VAURO SENESI 370.
(photo credit: Wikimedia Commons)
BERLIN – An Italian court moved forward last week with its decision to compel an
Italian journalist to pay a 25,000- euro fine because he satirized a cartoon by
Vauro Senesi, which depicted the Jewish Italian politician Fiamma Nirenstein in
classic anti-Semitic terms, according to critics in Italy and the US-based
Anti-Defamation League (ADL).
The new legal proceeding issued by Italian
Judge Emanuela Attura to collect the fine triggered sharp criticism from Italy’s
Jewish community on Friday.
The Rome-based judge Emanuela Attura imposed
the fine in January on Peppino Caldarola for allegedly slandering extreme
leftist writer Vauro Senesi, who published the cartoon attacking Nirenstein in
the communist daily Il Manifesto.
In a statement to The Jerusalem Post
Friday, Italy’s Jewish community wrote by e-mail, “We were bewildered and
disgusted but in the rule of law, we have the duty to respect the verdicts but
Vauro deserves none. Satire is the salt and the thermometer of a democracy, as
long as it doesn’t offend but in this case, our sensitivity has been put to the
test. This case has exceeded all limits and the verdict is likely to open
the way and give strength to anti-Semites by profession to dare
The Jewish community added, “For this reason, we are alongside
Caldarola and Nirenstein. We as the Jewish community in Italy are starting a
fund-raising effort to pay the fine but feel we have the right to dissent from
the judgment in accordance with the law.”
Senesi’s cartoon shows a
monster-like hook-nosed Nirenstein with a Star of David posted on her chest and
the caricature is entitled “Fiamma Frankenstein.”
The cartoon has
prompted international criticism of Italy’s court system and the country’s
“We are outraged that Il Manifesto
indisputably anti-Semitic cartoon,” said Abraham H. Foxman, ADL’s national
director, in 2008 when the cartoon first appeared in the paper.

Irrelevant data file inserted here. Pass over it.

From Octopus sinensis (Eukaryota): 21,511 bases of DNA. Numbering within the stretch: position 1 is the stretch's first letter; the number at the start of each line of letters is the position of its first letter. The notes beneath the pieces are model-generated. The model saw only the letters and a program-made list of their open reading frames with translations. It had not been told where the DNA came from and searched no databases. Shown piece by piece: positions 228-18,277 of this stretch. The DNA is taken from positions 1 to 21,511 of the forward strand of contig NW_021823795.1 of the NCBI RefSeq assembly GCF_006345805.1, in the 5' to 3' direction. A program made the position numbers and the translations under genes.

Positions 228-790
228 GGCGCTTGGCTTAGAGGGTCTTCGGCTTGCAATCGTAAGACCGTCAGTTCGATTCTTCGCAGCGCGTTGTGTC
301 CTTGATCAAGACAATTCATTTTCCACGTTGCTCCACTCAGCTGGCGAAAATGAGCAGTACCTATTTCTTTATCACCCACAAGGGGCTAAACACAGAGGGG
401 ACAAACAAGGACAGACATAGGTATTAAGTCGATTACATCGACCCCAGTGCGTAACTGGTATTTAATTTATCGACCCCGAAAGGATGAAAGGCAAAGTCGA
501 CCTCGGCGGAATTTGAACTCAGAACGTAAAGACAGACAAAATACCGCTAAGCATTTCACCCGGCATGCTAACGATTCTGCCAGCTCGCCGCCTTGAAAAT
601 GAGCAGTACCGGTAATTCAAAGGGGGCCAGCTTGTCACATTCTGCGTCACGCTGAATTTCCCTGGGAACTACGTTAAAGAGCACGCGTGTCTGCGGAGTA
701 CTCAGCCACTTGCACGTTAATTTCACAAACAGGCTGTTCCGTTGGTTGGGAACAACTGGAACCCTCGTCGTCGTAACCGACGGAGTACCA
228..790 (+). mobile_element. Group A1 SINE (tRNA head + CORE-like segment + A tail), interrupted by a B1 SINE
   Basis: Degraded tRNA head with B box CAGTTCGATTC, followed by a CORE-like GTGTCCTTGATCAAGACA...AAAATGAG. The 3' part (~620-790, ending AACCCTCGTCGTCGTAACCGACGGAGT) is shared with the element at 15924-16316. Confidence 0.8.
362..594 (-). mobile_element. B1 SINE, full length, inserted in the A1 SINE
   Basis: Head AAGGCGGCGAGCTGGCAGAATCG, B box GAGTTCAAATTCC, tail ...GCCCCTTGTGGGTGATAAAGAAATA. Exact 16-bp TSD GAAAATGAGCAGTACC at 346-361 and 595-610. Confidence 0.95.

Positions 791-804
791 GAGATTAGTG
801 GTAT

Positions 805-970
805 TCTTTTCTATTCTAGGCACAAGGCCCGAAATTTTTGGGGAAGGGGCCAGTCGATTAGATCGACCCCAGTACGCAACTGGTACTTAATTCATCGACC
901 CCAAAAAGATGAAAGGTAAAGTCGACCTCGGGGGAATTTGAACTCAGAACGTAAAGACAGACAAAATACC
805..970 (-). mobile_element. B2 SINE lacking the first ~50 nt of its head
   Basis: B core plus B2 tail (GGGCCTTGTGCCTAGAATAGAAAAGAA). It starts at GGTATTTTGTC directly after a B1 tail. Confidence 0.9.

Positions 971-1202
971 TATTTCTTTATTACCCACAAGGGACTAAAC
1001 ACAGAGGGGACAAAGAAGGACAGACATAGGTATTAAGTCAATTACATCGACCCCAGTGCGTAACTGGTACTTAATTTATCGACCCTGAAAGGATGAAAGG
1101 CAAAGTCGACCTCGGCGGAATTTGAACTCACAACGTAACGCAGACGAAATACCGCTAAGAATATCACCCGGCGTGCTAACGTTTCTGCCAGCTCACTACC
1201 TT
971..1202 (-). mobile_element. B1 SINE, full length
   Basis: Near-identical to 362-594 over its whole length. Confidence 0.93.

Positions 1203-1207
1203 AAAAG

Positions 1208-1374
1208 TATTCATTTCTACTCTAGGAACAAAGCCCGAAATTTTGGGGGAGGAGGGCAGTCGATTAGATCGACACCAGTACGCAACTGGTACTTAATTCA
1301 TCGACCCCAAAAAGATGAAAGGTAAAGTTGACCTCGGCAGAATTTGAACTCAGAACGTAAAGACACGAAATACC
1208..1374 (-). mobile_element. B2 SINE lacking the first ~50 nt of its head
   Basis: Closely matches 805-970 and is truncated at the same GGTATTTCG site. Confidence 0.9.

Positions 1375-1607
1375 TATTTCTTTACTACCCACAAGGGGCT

intentional or not, the clear effect of the cartoon was to associate Jews with
the Fascists who persecuted them, denigrate the People of Freedom Party by
associating it with Jews, and highlight the presence of an Italian Jew on the
party electoral list,” Foxman added.
In an email to the Post
Caldarola, a former editor of L’Unita
’ who slammed Senesi’s cartoon in Italy’s
press and is the subject of the court fine, wrote, “I think that the cartoon is
horrible because it draws Fiamma Nirenstein with a hooked nose according to
Caldarola, a former left-wing deputy in
Italy’s parliament, added in his email, “I will ask for a new court’s sentence
because I have confidence that other judges will accept my right to criticize
the stereotypes against Jewish people and the right for the Jewish citizens to
vote for the political party they like.”
Judge Emanuela Attura refused to
comment on her ruling. She justified her verdict against Caldarola because
Senesi had performed relief work with the Italian NGO Emergency, which delivers
medical aid to Pakistan and Afghanistan. According to her ruling, Senesi’s
charity work proved that he was not anti-Semitic.
Senesi was slated to
participate in a 2012 “Flytilla” event, in which activists protested Israeli
policies by flying en masse to Israel, but he was barred from boarding a plane
to Tel Aviv.
In an email to the Post
last week, Fiamma Nirenstein wrote,
“Giuseppe Caldarola has been the only journalist who had the courage to call
with its real name what has been represented in Vauro’s cartoon, depicting
myself as an hook-nosed monster wearing a Star of David and fascist symbols:
anti- Semitism. That cartoon reminds [people] of Israeli soldiers portrayed with
the Star of David and the swastika.”
“Caldarola is forced to pay a fine
of 25,000 [euros] and people of good will and reason are now initiating a
campaign to collect money to face this unfair decision,” she concluded.